‘Mission’ flights, ground tours in historic WWII bomber available
The Experimental Aircraft Association’s restored B-17 bomber, Aluminum Overcast, returns to the Gerald R. Ford International Airport on August 16, 17 and 18. Known as the “Flying Fortress,” the B17 is one of the best-known military aircraft of the World War II era. The Aluminum Overcast is a traveling museum and a connection to the past.
The Boeing B-17 Flying Fortress is a World War II bomber used primarily in Europe. B-17s from the Eighth Air Force participated in countless missions from bases in England. These missions often lasted for more than eight hours and struck at targets deep within enemy territory. Because of their long-range capability, formations of B-17s often flew into battle with no fighter escort, relying on their own defensive capabilities to ensure a successful mission. During the war, B-17s were among the most modern aircraft in the U.S. inventory. However, the advent of the jet age and advances in technology made the Flying Fortress obsolete soon after the conclusion of the war. In the years following World War II, most B-17s were cut up for scrap, used in Air Force research or sold on the surplus market.
In 1934, the Boeing Aircraft Company of Seattle, Wash., began construction of a four-engine heavy bomber. Known as the Boeing model 299, it first took flight on July 28, 1935. The government ordered production of 13 of these aircraft, now designated the Y1B-17. Delivery of these first production models was between January 11 and August 4, 1937.
The B-17 received the name Flying Fortress from a Seattle reporter who commented on its defensive firepower. The B-17 underwent a number of improvements over its 10-year production span. Models ranged from the YB-17 to the B-17-G model. Throughout the war, the B-17 was refined and improved as battle experience showed the Boeing designers where improvements could be made. The final B-17 production model, the B-17G, was produced in larger quantities (8,680) than any previous model and is considered the definitive Flying Fort. With its 13 .50-caliber machine guns – chin, top, ball and tail turrets; waist and cheek guns– the B-17G was indeed an airplane that earned the respect of its combatants. In addition, air crews liked the B-17 for its ability to withstand heavy combat damage and still return its crew safely home.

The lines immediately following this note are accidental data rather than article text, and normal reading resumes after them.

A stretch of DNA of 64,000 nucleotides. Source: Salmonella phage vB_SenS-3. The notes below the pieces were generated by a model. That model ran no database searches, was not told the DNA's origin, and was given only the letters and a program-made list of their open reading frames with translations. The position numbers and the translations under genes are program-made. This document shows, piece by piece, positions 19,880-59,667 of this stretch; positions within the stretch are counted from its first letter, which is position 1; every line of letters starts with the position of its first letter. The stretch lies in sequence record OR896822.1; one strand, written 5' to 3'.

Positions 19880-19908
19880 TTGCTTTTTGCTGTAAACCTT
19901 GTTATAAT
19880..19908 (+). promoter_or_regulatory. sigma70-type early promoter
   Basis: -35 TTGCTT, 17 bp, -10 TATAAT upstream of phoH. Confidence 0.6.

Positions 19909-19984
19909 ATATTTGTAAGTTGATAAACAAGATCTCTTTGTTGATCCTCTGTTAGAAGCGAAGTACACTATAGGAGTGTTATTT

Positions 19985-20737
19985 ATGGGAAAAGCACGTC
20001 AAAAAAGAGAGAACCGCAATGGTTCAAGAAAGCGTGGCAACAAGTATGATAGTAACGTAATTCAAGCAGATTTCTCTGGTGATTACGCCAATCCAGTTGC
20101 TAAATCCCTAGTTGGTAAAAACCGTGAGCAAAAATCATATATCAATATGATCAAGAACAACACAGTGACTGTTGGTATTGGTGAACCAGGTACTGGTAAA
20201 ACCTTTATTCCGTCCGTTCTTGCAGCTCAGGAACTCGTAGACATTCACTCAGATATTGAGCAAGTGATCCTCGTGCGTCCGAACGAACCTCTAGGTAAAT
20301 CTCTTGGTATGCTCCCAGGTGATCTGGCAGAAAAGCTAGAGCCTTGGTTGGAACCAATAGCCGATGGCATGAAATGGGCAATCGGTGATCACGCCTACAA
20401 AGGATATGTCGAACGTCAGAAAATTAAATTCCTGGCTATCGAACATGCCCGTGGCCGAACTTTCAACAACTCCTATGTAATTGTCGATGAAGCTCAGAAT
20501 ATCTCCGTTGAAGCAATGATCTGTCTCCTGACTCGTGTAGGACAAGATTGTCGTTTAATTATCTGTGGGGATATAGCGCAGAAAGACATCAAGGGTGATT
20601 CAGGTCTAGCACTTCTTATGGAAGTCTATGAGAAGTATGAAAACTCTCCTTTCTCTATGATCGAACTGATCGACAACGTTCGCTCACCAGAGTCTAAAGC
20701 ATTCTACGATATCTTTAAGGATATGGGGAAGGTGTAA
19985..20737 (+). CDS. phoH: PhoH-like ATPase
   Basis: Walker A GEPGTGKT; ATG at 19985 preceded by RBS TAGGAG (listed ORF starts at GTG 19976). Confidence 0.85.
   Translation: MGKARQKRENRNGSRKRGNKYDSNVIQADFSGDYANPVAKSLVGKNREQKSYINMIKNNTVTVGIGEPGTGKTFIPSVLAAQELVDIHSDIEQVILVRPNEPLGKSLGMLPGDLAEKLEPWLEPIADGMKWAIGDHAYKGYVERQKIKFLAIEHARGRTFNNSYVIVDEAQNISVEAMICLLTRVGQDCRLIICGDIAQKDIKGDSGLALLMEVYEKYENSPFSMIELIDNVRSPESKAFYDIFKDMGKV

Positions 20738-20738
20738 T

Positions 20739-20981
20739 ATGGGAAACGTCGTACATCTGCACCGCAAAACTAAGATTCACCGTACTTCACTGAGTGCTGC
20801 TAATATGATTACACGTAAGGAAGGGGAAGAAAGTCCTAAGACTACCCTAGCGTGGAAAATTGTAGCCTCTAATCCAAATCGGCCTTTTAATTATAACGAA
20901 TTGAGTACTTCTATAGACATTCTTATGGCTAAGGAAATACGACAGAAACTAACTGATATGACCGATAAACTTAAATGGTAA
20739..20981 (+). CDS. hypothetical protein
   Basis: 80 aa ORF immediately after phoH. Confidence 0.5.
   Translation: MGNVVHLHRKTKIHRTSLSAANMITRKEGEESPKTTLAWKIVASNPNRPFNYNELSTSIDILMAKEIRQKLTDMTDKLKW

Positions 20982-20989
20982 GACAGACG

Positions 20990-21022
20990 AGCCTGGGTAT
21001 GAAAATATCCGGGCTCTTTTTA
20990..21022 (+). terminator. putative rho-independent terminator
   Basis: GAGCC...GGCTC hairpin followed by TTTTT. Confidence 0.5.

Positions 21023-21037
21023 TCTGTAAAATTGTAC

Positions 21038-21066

Between 1935 and May of 1945, 12,732 B-17s were produced. Of these aircraft, 4,735 were lost during combat missions. Today, fewer than 100 B-17 airframes exist and fewer still are in airworthy condition. At one time, more than 1,000 B-17s could be assembled for mass combat missions, today less than 15 of Boeing’s famous bombers can still take to the air.
The plane will be at Landmark North from 9 a.m. to 8 p.m. Flights are available in the mornings; ground tours of the interior in the afternoon. Ground tours are $10 per person or $20 per family. For more information, including rates for flights, visit www.B17.org or contact EAA’s B-17 Tour Office at 800-359-6217. The visit is sponsored by local EAA Chapter 145, Landmark Aviation, Borgman Ford and Holiday Inn Airport.
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